A tough Mayor Dixon fights challenge from affable City Councilman Mitchell

The Baltimore Sun

It is quiet at Equinox Hair in West Baltimore on a recent weekend morning. The only customers, Quinn Cokley and his two boys, are rotating between a couch along the wall and the barber's chair. No one smiles when Sheila Dixon walks in.

The mayor introduces herself, and Cokley quietly -- gently, even -- begins asking tough questions. He notes that many residents have put their children in public schools against their better judgment. He wants to know what Dixon has done to improve education and, more importantly, what she's going to do if elected.

"First of all, I taught school," Dixon responds, launching into her education platform -- which includes building new schools and opening them for community activities in the evening. "We've had so much conflict. Our kids have been caught up in that conflict. This year's going to be different. This year's going to be key."

Despite past ethical lapses, a significant increase in the number of homicides under her tenure and a campaign that has been largely devoid of specific proposals, Dixon is winning over Baltimore voters in a big way with her folksy, confident charm and by touting the difficult decisions she has made during her past eight months in office.

Dixon, the former City Council president, became Baltimore's 48th mayor -- and the first woman to hold that title -- on Jan. 17, the day her predecessor, Martin O'Malley, became governor. Now, she is running for a full, four-year term in Tuesday's primary election against six candidates, including City Councilman Keiffer J. Mitchell Jr. and Del. Jill P. Carter.

Credit due

In her past eight months on the job, Dixon, who is 53, has been credited with advancing a west side redevelopment project that languished for years, breathing new life into a police department that had become a liability under the former commissioner -- whom she fired -- and vowing to build at least seven new schools in the next decade.

The Baltimore native -- a mother of two who lives in the Hunting Ridge neighborhood near the city's western edge -- has talked about making the city cleaner. She has promised to light a fire under government employees, especially those who provide city services. She has adopted a softer, more community-friendly style of crime fighting.

Even her critics acknowledge that Dixon has brought together some of the city's most respected leaders. Former City Councilman Joseph T. "Jody" Landers III, former state Democratic party leader Vera P. Hall and Kweisi Mfume -- the former congressman who many believe could have defeated Dixon had he run for mayor -- have aligned themselves with her administration.

"She's got spunk. And she's got the heart of a lion, and she's got compassion," said Mfume, a longtime ally who pushed Dixon to take his council seat when he left for Congress in 1987. "I think most people may not be aware of the amount of compassion that Sheila has for others. She doesn't wear it on her sleeve. As a strong, independent woman I think she's had to, in many instances, wear a tougher shell."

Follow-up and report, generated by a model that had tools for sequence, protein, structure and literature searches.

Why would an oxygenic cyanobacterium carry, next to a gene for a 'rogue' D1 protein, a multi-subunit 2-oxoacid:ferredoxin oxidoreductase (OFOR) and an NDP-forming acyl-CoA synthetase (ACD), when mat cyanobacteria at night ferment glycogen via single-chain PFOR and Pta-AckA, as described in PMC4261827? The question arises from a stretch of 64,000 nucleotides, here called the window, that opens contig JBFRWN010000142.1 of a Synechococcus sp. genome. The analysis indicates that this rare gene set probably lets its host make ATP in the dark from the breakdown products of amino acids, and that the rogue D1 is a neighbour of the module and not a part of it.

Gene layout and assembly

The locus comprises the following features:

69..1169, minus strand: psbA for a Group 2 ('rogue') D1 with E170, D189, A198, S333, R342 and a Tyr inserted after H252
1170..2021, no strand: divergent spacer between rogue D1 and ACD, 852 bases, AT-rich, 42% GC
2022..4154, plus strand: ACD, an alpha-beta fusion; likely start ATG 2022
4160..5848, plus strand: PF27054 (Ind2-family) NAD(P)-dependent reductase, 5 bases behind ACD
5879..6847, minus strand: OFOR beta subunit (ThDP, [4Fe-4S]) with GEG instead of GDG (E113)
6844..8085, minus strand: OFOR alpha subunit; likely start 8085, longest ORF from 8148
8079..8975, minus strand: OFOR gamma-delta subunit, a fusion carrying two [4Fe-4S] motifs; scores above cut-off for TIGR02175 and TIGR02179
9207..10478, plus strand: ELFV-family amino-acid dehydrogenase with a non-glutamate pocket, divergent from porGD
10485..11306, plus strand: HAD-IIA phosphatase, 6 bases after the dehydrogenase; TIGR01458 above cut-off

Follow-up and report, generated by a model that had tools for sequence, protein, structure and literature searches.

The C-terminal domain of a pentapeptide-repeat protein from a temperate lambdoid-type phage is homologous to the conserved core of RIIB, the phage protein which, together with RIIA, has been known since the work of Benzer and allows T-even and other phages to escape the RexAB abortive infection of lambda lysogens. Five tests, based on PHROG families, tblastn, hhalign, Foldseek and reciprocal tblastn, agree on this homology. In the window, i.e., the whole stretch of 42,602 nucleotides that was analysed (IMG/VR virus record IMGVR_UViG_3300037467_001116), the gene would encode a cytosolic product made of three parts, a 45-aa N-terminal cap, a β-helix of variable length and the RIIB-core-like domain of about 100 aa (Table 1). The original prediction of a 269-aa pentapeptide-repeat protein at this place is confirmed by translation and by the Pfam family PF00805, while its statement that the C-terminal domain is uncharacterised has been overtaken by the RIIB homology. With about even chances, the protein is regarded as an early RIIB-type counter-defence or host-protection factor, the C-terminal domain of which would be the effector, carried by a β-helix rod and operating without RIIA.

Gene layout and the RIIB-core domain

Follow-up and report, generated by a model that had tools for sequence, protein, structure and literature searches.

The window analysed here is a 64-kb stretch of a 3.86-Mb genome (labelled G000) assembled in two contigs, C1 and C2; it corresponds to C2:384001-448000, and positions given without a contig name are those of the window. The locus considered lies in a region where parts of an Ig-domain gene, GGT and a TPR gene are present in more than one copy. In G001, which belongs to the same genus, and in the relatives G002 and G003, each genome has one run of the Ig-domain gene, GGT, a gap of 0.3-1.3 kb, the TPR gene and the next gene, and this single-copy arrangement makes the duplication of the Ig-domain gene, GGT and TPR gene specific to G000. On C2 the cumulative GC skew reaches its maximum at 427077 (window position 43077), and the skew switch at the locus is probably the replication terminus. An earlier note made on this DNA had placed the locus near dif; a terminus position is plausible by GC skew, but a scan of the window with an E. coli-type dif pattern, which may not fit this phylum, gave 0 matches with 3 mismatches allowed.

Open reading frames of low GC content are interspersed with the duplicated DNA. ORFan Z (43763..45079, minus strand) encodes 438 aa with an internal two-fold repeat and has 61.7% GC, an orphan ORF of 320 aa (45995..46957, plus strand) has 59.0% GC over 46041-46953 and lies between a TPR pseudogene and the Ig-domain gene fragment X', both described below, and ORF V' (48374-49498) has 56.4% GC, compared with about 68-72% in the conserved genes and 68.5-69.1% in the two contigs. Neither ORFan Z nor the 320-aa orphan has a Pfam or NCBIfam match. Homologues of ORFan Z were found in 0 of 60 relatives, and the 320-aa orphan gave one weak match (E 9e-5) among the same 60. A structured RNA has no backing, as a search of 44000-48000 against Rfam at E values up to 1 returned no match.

Her tenure, though, has also been riddled with problems -- a major increase in homicides chief among them. In the midst of an uptick in violent crime, she angered many police and firefighters -- already a dicey relationship because of contract negotiations -- by repeatedly shifting policies. She has tinkered with personnel in the housing department while many of its most talented staff resigned.

Ethical questions

Dixon, meanwhile, has yet to fully overcome ethical questions about some past actions -- in large part because she has rarely addressed them head on. It is a weakness her opponents in the race have exploited and that has sometimes affected her ability to lead. When her administration proposed loosening the same restrictions on public spending she was accused of skirting last year, the City Council shot the idea down.

Most recently, Dixon came under fire in 2006 when she was City Council president for voting on city contracts that went to her sister's employer -- an action she initially denied taking. She did not file complete ethics forms until after reports about her sister first appeared in The Sun. The paper also disclosed that her former campaign chairman, Dale G. Clark, received $600,000 in taxpayer money without a contract.

Clark was charged by the Maryland State Prosecutor last month for not filing an income tax return for three years while he worked for the city. The city's ethics board took a pass on investigating the contracts, but the prosecutor is still looking into the matter.

Dixon maintains that she has done nothing wrong. Weeks before taking office, she said she intended to discuss what happened, to lay out "the facts." That never took place, but Dixon told The Sun's editorial board late last month that she has tried to explain and people do not want to hear.

"Y'all want to still continue to print what you want to print. I think I've tried to explain that to folks," she said, suggesting that the original contract to Clark was issued through another division of the council, not the president's office.

"The mistake that was made, and I'll take total blame on that, is [that] before taking that contract over to the president's office, that whole process should have taken place. When I took it over ... my staff, I relied on, to get the bid out and to do that. It was [the] purchasing and finance [agencies] and it wasn't all my fault. ... It was a system that needed to be changed," she said.

While last year's ethical issues are the most recent, they are not the first. The council was sued in 2002 after Dixon held a closed-door meeting with other members to discuss potential legislation. The Maryland Court of Appeals ruled that the meeting violated the state's Open Meetings Act and the proposal was killed because of the way Dixon handled it.

A year later, The Sun reported that Dixon's sister, Janice, worked in the council president's office and Dixon was forced to fire her when the ethics board ruled that such employment violated city regulations. (Other council members also were forced to fire relatives they were employing.)

Despite this extensive media coverage, Dixon has persevered and maintained front-runner status. She has raised more money than anyone else and has stayed ahead in polls conducted for The Sun and by many of the candidates.

That lead has allowed Dixon to emphasize her incumbency on the campaign trail and generally ignore opponents. She is relaxed with voters, if not always focused on issues (she once engaged in a long discussion about breast feeding with a pregnant woman in Federal Hill whose door she knocked on while campaigning). She has conveyed a confidence that appears to be resonating with residents, other elected officials and most of the city's major unions.